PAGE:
The cohort is too small (6) for any tangible statistical analysis, nevertheless preoperative mean A pattern and DVD (in primary position) were moderate and improved by 16 PD and 10 PD respectively. In the absence of corroborative data on pre/post- operative fundus torsion, DVD incomitance, LN, DHD, and oblique overactions/under actions, the inferences drawn may well be contaminated by above-confounding factors and prone to bias and prejudice. ATIO alone is known to offer excellent results in DVDs up to 15 PD in multiple studies.[2],[3] In triad XT, Ha et al. reported 57% and 80% success rates with horizontal muscle surgery alone or horizontal surgery combined with SO weakening procedures respectively.[4] In triad XT, satisfactory results in A pattern and DVD have also been shown by lateral rectus recessions alone in a cohort of 3 children less than 3 years.[5] McCall and Rosenbaum reported satisfactory results in incomitant DVD with PTSO and SR recessions.[6] PTSO may putatively worsen DVD in adduction while ameliorating A pattern and sparing intorsion. A pattern, elevation in adduction and intorsion may get worse with ATIO. The authors take little cognizance of theses variables.

The authors selectively invoke torsional movements for justification for 4 oblique muscle surgery for DVD without documenting torsional change, superior results in DVD amelioration, DVD incomitance, LN, and DHD following surgery to support the veracity of the hypothesis. Authors offer no explanation for correction of A pattern by four oblique weakening, by extrapolation, it should work equally well for V pattern as well, the concept thus militates against the accepted precepts on pattern strabismus.

DVD remains an enigmatic condition that is only alleviated and almost never eliminated. Many other putative explanations have been advanced, that DVD is an adaptive response to Control LN of the fixing eye by intorsion and adduction and thus improving VA, the non-fixing eye extorting and abducting.[7] DVD, LN and primary oblique muscle overactions, all have been portrayed to correspond to subcortical reflexes that are operative in one plane of visual space in lateral eyed animals.[8] DVD has also been interpreted as an atavistic righting reflex, the dorsal light reflex gone wrong.[9] In order to conflate any coherence, data in the present study beg to be tempered by evaluation of pre/postoperative DVD incomitance, LN, DHD, the oblique muscle under actions/overactions and fundus torsion.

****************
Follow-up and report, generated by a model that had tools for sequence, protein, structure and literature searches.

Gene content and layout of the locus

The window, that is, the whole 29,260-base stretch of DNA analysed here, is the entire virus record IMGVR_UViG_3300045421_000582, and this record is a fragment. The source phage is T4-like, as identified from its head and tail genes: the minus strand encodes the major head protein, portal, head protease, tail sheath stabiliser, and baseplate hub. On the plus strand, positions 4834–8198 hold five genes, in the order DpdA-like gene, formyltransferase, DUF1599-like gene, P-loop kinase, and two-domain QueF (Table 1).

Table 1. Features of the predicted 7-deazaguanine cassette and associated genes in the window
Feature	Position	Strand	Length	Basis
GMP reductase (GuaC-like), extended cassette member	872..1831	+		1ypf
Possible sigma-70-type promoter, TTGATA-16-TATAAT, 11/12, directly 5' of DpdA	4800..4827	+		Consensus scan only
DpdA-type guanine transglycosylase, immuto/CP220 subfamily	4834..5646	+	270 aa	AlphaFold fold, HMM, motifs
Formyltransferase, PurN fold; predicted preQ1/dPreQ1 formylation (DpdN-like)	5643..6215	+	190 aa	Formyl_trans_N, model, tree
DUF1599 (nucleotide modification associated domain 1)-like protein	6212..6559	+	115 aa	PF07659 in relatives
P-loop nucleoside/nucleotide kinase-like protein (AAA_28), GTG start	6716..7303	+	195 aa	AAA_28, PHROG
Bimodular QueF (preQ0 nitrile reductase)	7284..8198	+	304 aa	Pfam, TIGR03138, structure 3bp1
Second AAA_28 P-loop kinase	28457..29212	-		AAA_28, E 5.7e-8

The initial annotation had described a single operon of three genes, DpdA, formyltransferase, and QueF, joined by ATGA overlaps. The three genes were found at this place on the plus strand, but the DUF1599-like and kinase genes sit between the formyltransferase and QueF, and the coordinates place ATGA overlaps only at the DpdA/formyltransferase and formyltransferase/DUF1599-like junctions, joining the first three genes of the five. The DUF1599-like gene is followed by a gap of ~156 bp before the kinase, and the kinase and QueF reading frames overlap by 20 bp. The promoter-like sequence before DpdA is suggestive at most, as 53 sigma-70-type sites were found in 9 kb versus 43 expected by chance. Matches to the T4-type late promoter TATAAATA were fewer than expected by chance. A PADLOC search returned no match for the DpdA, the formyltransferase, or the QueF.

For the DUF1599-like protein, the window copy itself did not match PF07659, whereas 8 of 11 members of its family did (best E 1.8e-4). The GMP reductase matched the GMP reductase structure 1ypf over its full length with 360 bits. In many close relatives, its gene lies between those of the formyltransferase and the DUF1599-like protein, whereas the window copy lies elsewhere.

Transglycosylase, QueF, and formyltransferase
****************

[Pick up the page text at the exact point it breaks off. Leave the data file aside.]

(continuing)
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There are no conflicts of interest.

  References Top

Agashe P, Doshi A. Surgical management of Helveston syndrome (triad of A- Pattern exotropia, superior oblique overaction and dissociated vertical deviation using Four oblique procedure. Indian J Ophthalmol 2020;68:170-3  Back to cited text no. 1
Burke JP, Scot WE, Kuschke PJ. Anterior transposition of the inferior oblique muscle for dissociated vertical deviation. Ophthalmology 1993;100:245-50.  Back to cited text no. 2
Kratz RE, Rogers GL, Bremer DL, Leguire LE. Anterior tendon displacement of the inferior oblique for DVD. J Pediatr Ophthalmol Strabismus 1989;26:212-7.  Back to cited text no. 3
Ha SG, Suh YW, Kim SH. Clinical features and surgical outcomes of triad exotropia. J Ped Ophthalmol Strabismus 2017;54:363-8.  Back to cited text no. 4
Park J, Kim S. Strabismus surgeries for triad exotropia in younger children. Korean J Ophthalmol Vis Sci 2010;9:8-12.  Back to cited text no. 5
McCall C, Rosenbaum AL. Incomitant dissociated vertical deviation and superior oblique overaction. Ophthalmology 1991;98:911-8.  Back to cited text no. 6
Christoff A, Raab EL, Guyton DL, Brodsky MC, Fray KJ, Merrill K, et al. DVD- a conceptual, clinical and surgical overview. J AAPOS 2014;18:378-84.  Back to cited text no. 7
Brodsky MC. Dissociated vertical divergence; cortical or subcortical in origin? Strabismus 2011;19:67-8.  Back to cited text no. 8
Brodsky MC. Dissociated vertical divergence, A righting reflex gone wrong. Arch Ophthalmol 1999;117:1216-22.  Back to cited text no. 9